If you are a photographer, you probably have already discovered that wearing glasses can sometimes cause a problem. This may be especially true of those who wear bifocal or trifocal corrective lenses, but there are ways to work around the inconvenience of wearing eyeglasses while you work. Check out these tips for photographers who wear eyeglasses.
Avoid Transition Lenses
These lenses adjust to the light and are great for everyday wear, but when it comes to photography, many report the lenses remain dark when you are using the viewfinder and make it impossible to read the meter. If you intend to wear your glasses when you use your camera, transition lenses are not a good idea.
Get Flip-Up Lenses
These nifty photographer's glasses feature a hinged lens that can be lifted to allow you to move the corrective lens out of the way to use the viewfinder while your other eye still tracks movement with the help of your corrective lens. If you can use the viewfinder successfully without a corrective lens but need glasses to see the scene at a distance, this may be a good option for you. The glasses can be worn with both eyepieces in the traditional position when you are not using your camera.
Adjust Your Diopter
Modern DSLR cameras typically have an adjustable diopter. This allows you to adjust the viewfinder to suit your vision. To adjust the diopter, turn your camera off, remove the lens from the camera and point the viewfinder toward a light. Turn the dial, typically located to the right of the viewfinder, until the focus points are sharp. This adjusts the viewfinder to your vision. If you intend to wear glasses when shooting, do this with your glasses on. If you intend to remove your glasses when you shoot, adjust the diopter without your glasses on.
Adjust Your Glasses
Sometimes glasses that slip or slide on the nose make it difficult to shoot photos with your glasses on. Visit your optometrist and get your glasses adjusted so they fit properly on your nose. Glasses should fit snugly and stay in place, but should not be so tight that they leave marks on your face.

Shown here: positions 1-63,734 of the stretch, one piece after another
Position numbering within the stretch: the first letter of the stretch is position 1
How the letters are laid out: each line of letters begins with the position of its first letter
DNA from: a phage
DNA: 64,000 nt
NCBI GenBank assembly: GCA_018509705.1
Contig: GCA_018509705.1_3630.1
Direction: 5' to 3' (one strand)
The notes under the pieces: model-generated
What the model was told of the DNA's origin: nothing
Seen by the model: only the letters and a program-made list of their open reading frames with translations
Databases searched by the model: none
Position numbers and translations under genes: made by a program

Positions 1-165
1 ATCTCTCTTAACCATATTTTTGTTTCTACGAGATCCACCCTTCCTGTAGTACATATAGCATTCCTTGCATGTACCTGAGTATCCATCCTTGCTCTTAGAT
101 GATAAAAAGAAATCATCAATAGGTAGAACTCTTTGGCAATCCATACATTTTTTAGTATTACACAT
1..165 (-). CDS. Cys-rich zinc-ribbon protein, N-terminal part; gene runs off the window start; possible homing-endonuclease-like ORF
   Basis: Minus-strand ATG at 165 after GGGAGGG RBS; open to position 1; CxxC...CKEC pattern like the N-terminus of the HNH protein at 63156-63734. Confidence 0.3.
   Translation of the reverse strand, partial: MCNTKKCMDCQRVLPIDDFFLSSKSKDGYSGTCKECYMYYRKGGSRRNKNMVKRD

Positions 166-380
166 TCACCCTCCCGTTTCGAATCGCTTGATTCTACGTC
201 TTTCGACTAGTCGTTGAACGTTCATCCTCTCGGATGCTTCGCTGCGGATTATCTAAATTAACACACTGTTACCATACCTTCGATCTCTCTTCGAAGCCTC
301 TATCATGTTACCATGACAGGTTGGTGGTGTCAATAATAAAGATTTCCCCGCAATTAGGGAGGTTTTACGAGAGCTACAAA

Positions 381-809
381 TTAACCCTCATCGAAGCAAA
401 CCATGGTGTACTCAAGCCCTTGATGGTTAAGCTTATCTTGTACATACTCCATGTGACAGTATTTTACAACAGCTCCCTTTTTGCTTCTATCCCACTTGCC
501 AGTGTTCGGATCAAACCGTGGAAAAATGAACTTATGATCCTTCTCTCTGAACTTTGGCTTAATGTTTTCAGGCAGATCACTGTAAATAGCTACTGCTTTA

Some photographers prefer to wear contacts when they are working to eliminate issues with glasses. If this is an option for you, consider getting contacts for photography and switching to your regular glasses at other times. You can also make the switch permanently, if wearing contacts is more comfortable for you.
Take Your Camera to the Eye Doctor
Your optometrist can help you choose the right corrective lenses for using with your camera, but you need to let him know about your concerns. Take your camera along and demonstrate any issues you are having using the camera with your glasses. He or she can make adjustments to your prescription or the fit of the glasses or even recommend different frames.
Get a Prescription Viewfinder
If you are a serious photographer and make your living from getting the perfect shot, you can also have a prescription diopter made for your camera. While this will not correct for astigmatism, it go beyond the manual adjustments on your camera's diopter. You can purchase custom ground lenses or choose one of the standard options available from the manufacturer of your camera. You will need to visit your eye doctor to insure you are ordering the correct lens.
Get Used to It
Many photographers shoot successfully wearing traditional eyeglasses. The most common complaints are greasy nose smudges on the LCD screen and minor scratches on the eyeglass lens. There isn't much you can do about nose smudges, other than carry a microfiber lens cloth to clean it off frequently. You can reduce the risk of scratches to your eyeglass lenses by getting a protective, scratch-resistant coating on your lenses.
While wearing glasses may cause you some inconvenience as a photographer, they don't need to interfere with your ability to capture that amazing shot. If you experience eyestrain or other eye issues when you use your camera, talk to your eye doctor or find one through a company like Envision Eyecare. An eye doctor can make recommendations or adapt your prescription to alleviate the problem.